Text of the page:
Really Living

I saw the bear coming in the almost dark wilderness campsite. My small band of teenagers I was leading through a long canoe route in the BWCA Wilderness had spotted him and booked it for camp a few seconds ago. I ran and grabbed the camera turning on the strobe flash hoping for a good closeup picture as I positioned myself between bear and food pack. I stopped him about 15 feet away with the flash temporarily blinding him while yelling for the teens to quick get the pack up in the air. The rope was draped over a high limb and the food pack was ready to pull up higher than a bear could reach, all they had to do was grab the rope and pull hard and fasten it off to a nearby tree.

Too late, the teens were in the lake trying to get away from the bear. The general consensus was “let the bear eat Gary.” The bear had run behind a big sloping rock shaking his head while trying to see. I ran up the rock a few feet higher than the bear, when he looked up at me I flashed the strobe again to further blind him. Agitated he ran back to where he was before and I once again ran between bear and food pack. The 3rd strobe flash in the bears eyes was the closest but something snapped in his bear brain that said “I’m out of here” and he turned around and ran straight into a tree with an umph. Bouncing off he broke brush and made all kinds of noise including snapping his teeth to show his displeasure as he ran into the dark forest. The teenagers became suddenly very brave as they raced past me yelling and whooping after the bear and disappeared into the brush. I heard them stop as it was quite dark in those woods, so I yelled after them “He’s coming back!” A few seconds later the teens were in the lake again.

I have at times in my life been accused of “Poor Risk Assessment Skills” and I suspect there was more that could have been said with another dozen stories similar in nature. There are actually a couple stories that were on the line whereas this one was more normal. I am, in my defense, quick to point out that I, and those who have gone with me, are still very much alive. This proves that my risk assessments are actually very accurate. So far.

One of my life skills is helping people “Really Live”

So when I got the call that a northern border river had cleared of ice in most spots, I was ready to go this past Monday with two other guys who have living life qualities similar to mine. I mean, raise your hand if you want to go fishing. Don’t put it down because it’s cold and the winds are, well, brutal. That’s why we put on warm clothes.

Ya, it’s a big one.

After a two hour drive we fished all day. The water temperature was 39 degrees Fahrenheit, the wind chills at zero and the walleye were not abundant. After 8 hours in the boat we agreed it was time to get off the water. Sigh…it was so good to be out there in the wind and cold with the fish sometimes barely hitting. I really don’t know what drives us to call this “really living.” We cannot wait to get out there again. Three men who are so different, but in the boat we have a fellowship of brothers (including the disagreements).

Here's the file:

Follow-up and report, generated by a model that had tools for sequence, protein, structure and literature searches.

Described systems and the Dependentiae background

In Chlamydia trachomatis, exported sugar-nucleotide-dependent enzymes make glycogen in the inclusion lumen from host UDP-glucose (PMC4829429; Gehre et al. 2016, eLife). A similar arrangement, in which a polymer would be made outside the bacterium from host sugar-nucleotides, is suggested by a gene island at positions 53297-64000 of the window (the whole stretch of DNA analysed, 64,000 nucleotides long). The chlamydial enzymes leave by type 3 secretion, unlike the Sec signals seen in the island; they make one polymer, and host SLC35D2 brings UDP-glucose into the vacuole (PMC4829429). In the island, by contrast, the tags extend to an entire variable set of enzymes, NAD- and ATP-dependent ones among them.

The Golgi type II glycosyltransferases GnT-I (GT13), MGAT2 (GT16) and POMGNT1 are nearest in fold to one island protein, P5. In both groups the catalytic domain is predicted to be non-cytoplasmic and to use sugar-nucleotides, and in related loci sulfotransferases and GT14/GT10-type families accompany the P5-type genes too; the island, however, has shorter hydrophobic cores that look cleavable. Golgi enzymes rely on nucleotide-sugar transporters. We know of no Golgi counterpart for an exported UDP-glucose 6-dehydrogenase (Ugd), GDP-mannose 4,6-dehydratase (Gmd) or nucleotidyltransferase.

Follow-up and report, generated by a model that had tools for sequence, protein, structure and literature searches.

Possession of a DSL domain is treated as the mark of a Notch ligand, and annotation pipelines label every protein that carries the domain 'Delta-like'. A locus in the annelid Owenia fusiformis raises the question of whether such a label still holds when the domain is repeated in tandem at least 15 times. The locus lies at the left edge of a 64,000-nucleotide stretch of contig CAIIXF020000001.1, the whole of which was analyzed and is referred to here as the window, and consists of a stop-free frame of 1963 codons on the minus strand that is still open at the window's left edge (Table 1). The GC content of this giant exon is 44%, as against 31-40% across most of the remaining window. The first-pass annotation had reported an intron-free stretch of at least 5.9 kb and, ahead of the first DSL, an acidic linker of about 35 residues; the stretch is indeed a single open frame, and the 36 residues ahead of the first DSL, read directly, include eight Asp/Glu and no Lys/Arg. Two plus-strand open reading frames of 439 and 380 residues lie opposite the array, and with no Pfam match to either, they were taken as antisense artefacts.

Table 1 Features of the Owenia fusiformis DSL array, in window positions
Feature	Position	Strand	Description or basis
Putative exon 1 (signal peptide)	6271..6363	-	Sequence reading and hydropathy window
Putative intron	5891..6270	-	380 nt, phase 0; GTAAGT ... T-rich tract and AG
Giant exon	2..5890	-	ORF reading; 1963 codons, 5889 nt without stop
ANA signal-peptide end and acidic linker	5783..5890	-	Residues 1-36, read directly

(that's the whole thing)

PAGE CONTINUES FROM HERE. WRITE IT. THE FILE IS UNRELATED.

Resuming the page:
“Really Living” may find one chasing bear and living on the edge. “Really living” to another may be dirty hands and knees in the garden. “Really living” may be in the work shop full of sawdust or metal flakes. “Really living” sometimes forms words, phrases and paragraphs. Sometimes “Really living” is creating special life experiences to communicate, influence and even mentor others.

I get T-shirts and mugs with catchy sayings like “I Fish Therefore I am”, “Fishing Is Life”, “Born to Fish Forced to Work” and a host of other phrases that depict my passions in life. I have, however discovered a passion that works well with my passions. Bringing groups of teens and adults far into the wilderness both in summer and winter forces real life gifts and problems to the surface. On the fear spectrum, I am not afraid of much. I would rather face a bear (risk) than tip a canoe in a storm (high risk) or rescue a drowning man in white water (high high risk). My cliff diving days are over. I think. I probably will do mild weather winter camping from now on. Bringing Teen groups into the wilderness is possibly past, but, I still find myself living on or over the edge as a recent post depicted (Ya, laugh at my expense!!)

50 foot cliff diving
Minus 38 below weather outside, above zero inside..Yea

The truth of the matter on fearless risk taking is that my ball of twine in life will someday run out of string. I know that. We all die once and then face God while He asks us “why should I let you into my heaven?” The worst answer we could give is “Because I am a good person”. If you cling to your good you also keep all your sin and are thus disqualified to be accepted by God. Risky risky risky!!! don’t go there.

This is My own Easter message to you

Instead, accept that Jesus died for our sin and gives us his goodness to present before God. That is “Really Living

Meanwhile, I am a follower of Jesus. I do not follow from afar or slide from tree to tree hoping to not be seen (you know the type) I am really alive when I am in tune with God and his ways….Who would turn down having Love, Joy, Peace and a host of other very real things in ones inner life?

“A thief comes only to steal and kill and destroy. I came that they may have life and have it abundantly. John 10:10 (Jesus)


PS the bear pictures did not turn out. I’m sure glad the strobe worked.

Published by Gary Fultz

Outdoors Man, Hunter, Fisherman, Guide, Writer / Author, Photographer, Public Speaker, Musician, Song Writer, Story Teller, Follower Of Jesus. Love God and family and total strangers

50 thoughts on “Really Living

  1. You once commented on my site that you had been nose to nose with a bear before. Is this when that happened? Or has it happened more than once!?

    I love how you weave a great story into your own testimony of “Really Living” in Christ.

    PS. Fishing in at O degrees is something I’ve never experienced. Not sure about that one.